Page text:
A Project for Better Journalism chapter
Editorial

Parental Pressure in Career Paths

PARENTAL PRESSURE IN CAREER PATHS

Instantly after high school, many students are faced with opportunities and the daunting question about what they want to do with the rest of their lives. Most students do not even know where to start after high school, so many pursue higher education. Some people are pushed in a certain direction by their parents. Parental pressure can have a huge effect on a student’s decision on their future.

Tamara Riffe, a local Glendale parent, stated that she believes parents can sometimes control what their child’s future looks like because they expect their children to succeed at everything and not become a family disappointment. “I think when the child grows up being in a career they is not interested in, then they will go into a depressed state and not enjoy life. The child will then resent their mother or father for pressuring them to go into the wrong career.”

“Personally, my child would not get pressure from me or my husband about their career choices. I will be so proud of them whether they live up to ours or other people’s expectations,” Ms. Riffe said.

John Foster, another local Glendale parent, said “I believe parents know what is best for their children, so if they think it is best for them to go into a certain career then the child should take into consideration sometimes it is best to listen to the parents.”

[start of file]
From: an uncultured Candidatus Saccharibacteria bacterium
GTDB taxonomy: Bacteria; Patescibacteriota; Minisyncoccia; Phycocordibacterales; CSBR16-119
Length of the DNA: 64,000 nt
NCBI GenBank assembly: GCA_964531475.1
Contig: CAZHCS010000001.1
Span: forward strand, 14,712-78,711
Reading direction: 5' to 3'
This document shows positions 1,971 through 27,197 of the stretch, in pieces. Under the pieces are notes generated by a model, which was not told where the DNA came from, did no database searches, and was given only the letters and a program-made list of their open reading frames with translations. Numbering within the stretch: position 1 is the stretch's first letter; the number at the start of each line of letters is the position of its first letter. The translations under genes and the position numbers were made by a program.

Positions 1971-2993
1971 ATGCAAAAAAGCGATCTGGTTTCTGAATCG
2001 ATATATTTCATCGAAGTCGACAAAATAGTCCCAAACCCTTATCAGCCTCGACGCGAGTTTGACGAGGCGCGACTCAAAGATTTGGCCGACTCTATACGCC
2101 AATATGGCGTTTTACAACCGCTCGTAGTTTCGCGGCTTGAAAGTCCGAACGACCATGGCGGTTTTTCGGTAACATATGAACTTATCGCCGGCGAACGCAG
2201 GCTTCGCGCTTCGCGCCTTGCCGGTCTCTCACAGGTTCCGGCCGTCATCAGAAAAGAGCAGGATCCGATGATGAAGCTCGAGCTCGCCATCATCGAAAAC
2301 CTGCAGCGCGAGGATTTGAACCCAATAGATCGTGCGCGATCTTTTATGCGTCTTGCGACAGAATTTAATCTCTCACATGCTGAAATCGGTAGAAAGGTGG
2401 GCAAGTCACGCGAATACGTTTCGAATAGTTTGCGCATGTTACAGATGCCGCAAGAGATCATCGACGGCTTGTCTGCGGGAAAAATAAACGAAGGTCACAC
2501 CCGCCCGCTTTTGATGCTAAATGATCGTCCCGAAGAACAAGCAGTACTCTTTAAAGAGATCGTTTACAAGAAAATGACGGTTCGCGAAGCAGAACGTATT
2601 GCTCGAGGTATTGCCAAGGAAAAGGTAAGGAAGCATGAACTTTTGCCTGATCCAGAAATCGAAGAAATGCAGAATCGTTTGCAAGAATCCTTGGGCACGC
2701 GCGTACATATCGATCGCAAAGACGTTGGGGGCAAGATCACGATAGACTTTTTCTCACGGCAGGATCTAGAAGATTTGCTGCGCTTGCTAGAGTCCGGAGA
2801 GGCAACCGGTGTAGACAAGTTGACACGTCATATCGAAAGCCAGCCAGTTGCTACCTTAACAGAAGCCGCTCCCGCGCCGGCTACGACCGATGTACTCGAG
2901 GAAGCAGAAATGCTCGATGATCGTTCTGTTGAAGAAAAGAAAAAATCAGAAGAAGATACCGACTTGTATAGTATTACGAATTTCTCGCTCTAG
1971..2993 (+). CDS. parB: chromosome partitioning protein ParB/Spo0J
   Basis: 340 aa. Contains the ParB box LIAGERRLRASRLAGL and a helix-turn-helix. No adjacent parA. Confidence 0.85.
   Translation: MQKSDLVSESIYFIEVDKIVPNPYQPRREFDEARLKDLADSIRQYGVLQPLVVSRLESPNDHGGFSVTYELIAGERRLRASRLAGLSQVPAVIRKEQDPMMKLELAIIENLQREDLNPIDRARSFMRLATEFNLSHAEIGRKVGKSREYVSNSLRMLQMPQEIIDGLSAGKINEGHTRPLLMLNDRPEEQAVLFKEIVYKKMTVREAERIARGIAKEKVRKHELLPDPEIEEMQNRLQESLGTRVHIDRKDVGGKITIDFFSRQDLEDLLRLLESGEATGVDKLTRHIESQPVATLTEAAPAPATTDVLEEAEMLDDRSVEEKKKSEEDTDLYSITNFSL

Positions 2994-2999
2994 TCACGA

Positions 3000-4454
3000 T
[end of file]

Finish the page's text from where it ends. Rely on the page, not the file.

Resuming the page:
“When my two little girls grow up, I want to be able to give them helpful advice on the right career. I want to be able to guide them as much as they will let me.” He also said that he would take the chance of having his children resent him if he thought that their career’s would be best advised by him,” Foster said.

Crystal Rossen, a local parent in Glendale, stated, “Children should not be put under pressure by the parents. You are the parent you are supposed to make your child feel amazing about themselves.”I have two boys, and I would never allow myself to control their futures. I have seen where parents come into the picture of the child’s future and that child had a hard time coping with the fact that their parents are lecturing them about whether to go into the career they did,” Rossen said.

Ms. Goguen, the career counselor, said that parents do sometimes put too much pressure on their children because parents wish they could re-do their own lives, so they do it through their children.”I have two [grown boys] and when it came time for them to choose their ‘careers’, I told them I would support anything they decided. And they both are successful at what they have chosen [military & travel industry].I would think that mentally the student would either just keep going through the motions [of what the parents chose], or choose a complete different path – sometimes even if the parent is upset about. Human nature has led me to believe we either kill or be killed – do something to change or continue in the same way,” Ms. Goguen said.

According to the ModernMom website, there are numerous ways pressuring students can backfire The student can…